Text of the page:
You need to hire a specialist lawyer for domain name disputes

You need to hire a specialist lawyer for domain name disputes

Another example of a UDRP case gone wrong that might have gone the other way with different arguments.

“Maybe we should read Gerald Levine’s book about UDRP before filing.”

Would you hire a personal injury lawyer to file a trademark application? I hope not. You should hire an attorney who specializes in trademarks.

When it comes to cybersquatting claims, it’s important to hire someone who has direct experience with the Uniform Domain Name Dispute Resolution Policy. It’s not enough to even hire an intellectual property or trademark specialist.

There’s a lot of nuance to UDRP, and if you hire someone who’s not an expert in cybersquatting, your results will vary. You’ll also likely pay that person to research stuff that other lawyers already know.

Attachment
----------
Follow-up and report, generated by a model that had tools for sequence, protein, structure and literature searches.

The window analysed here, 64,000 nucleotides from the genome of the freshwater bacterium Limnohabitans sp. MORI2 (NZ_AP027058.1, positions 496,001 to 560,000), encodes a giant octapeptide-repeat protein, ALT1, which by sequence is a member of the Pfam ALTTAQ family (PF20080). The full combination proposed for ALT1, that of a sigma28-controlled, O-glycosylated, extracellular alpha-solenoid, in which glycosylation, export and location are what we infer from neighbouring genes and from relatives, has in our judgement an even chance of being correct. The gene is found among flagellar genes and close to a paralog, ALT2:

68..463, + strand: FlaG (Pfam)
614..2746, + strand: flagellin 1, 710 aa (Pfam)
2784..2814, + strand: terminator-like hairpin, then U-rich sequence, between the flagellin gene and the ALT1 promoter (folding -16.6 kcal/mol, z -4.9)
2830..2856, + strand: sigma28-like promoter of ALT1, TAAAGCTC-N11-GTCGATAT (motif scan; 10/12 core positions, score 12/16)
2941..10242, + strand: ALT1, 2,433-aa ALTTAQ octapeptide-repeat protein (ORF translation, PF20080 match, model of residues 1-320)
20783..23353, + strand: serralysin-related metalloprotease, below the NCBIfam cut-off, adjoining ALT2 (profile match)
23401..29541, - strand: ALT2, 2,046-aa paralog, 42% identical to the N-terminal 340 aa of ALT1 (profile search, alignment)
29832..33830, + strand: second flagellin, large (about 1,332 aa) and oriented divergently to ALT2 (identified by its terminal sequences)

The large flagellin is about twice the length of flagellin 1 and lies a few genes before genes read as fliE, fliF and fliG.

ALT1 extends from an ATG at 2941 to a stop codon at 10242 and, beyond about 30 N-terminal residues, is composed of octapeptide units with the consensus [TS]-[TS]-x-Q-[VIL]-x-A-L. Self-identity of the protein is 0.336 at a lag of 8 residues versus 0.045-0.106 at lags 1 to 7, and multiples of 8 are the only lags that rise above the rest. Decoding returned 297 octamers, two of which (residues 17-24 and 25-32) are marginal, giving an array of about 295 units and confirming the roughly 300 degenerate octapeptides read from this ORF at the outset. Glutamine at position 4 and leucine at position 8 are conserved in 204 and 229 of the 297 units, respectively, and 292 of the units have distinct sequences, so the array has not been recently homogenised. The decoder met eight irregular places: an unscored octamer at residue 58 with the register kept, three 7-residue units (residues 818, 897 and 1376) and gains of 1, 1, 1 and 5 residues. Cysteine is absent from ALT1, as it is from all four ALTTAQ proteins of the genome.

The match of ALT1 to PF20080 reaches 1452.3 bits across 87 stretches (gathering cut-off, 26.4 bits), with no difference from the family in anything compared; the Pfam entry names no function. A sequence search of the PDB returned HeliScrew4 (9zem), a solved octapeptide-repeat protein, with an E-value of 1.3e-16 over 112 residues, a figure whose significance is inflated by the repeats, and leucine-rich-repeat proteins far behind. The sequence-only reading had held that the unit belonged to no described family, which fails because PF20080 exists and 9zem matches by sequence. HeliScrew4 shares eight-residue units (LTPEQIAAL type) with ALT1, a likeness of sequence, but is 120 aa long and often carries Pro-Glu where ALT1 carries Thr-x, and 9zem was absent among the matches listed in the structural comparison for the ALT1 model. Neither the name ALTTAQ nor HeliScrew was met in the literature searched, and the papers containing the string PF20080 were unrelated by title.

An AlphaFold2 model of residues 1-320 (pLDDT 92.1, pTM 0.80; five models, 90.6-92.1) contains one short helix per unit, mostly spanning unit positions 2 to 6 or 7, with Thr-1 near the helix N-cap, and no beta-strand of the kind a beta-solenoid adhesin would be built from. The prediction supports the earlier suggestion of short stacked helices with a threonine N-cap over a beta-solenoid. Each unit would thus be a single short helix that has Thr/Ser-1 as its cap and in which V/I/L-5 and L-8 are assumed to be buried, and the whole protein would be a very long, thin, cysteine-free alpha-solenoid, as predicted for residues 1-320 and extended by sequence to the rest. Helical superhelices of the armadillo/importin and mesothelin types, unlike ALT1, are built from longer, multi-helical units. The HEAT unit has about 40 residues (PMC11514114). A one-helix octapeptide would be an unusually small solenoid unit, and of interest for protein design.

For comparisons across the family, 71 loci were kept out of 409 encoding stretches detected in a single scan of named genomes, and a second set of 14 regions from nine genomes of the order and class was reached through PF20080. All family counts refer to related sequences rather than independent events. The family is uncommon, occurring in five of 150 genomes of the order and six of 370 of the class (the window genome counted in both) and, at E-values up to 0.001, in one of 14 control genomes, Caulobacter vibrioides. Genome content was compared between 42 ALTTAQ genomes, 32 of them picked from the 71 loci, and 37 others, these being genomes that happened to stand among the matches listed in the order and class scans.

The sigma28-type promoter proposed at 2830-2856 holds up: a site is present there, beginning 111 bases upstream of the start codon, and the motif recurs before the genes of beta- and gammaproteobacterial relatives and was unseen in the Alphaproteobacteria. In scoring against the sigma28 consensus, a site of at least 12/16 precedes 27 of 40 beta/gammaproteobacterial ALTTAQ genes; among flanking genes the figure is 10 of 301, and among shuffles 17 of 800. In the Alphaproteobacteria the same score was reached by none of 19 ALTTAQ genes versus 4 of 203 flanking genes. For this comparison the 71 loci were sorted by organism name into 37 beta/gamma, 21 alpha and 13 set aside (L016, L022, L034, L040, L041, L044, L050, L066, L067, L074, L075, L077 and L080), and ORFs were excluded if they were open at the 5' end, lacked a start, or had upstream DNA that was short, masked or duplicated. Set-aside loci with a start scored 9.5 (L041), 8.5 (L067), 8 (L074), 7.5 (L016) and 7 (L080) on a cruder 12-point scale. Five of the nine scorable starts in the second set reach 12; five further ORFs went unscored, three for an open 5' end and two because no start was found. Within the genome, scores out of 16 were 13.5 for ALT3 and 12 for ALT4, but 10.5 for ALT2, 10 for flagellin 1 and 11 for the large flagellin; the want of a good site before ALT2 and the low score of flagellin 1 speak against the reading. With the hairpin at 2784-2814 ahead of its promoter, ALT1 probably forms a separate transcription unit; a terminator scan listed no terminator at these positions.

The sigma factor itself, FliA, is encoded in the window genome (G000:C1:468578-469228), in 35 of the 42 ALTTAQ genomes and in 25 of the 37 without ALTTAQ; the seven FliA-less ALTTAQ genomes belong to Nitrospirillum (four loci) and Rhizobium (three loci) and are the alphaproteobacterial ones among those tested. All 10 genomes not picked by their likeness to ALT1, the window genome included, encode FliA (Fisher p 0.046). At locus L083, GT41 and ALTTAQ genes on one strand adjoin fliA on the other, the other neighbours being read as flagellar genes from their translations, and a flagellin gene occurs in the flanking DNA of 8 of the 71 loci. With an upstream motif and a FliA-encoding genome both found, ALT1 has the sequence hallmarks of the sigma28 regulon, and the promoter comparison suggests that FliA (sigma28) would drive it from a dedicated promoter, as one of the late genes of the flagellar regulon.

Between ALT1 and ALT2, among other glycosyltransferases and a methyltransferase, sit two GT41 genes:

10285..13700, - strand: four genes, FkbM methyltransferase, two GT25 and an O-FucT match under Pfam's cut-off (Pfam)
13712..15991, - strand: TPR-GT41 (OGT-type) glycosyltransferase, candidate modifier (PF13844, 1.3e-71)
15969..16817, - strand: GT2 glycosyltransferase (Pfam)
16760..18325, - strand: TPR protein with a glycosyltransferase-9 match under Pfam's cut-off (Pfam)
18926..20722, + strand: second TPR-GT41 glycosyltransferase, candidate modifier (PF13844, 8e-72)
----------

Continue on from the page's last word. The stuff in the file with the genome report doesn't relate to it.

I was reminded of this in a case just decided at National Arbitration Forum. Geo Global Partners, LLC failed to win its case against Gardenique.com, and it’s possible the outcome would have been different if the case was argued differently.

The case mostly hinged on dates. The domain was registered in 1996. Geo Global Partners’ attorney tried to argue common law rights but not did make arguments sufficient enough to qualify in a UDRP case. Furthermore, even the common law rights claimed were after 1996.

Here’s the thing: based on historical Whois records at DomainTools, it appears the current owner of the domain acquired it in late 2016 or early 2017. That changes things.

Perhaps the Complainant still would have lost for other reasons. But it’s a reminder that you should hire counsel that is experienced with the type of proceedings you are filing. Someone who has filed or defended many cases and has read many more to understand the nuance of these cases.

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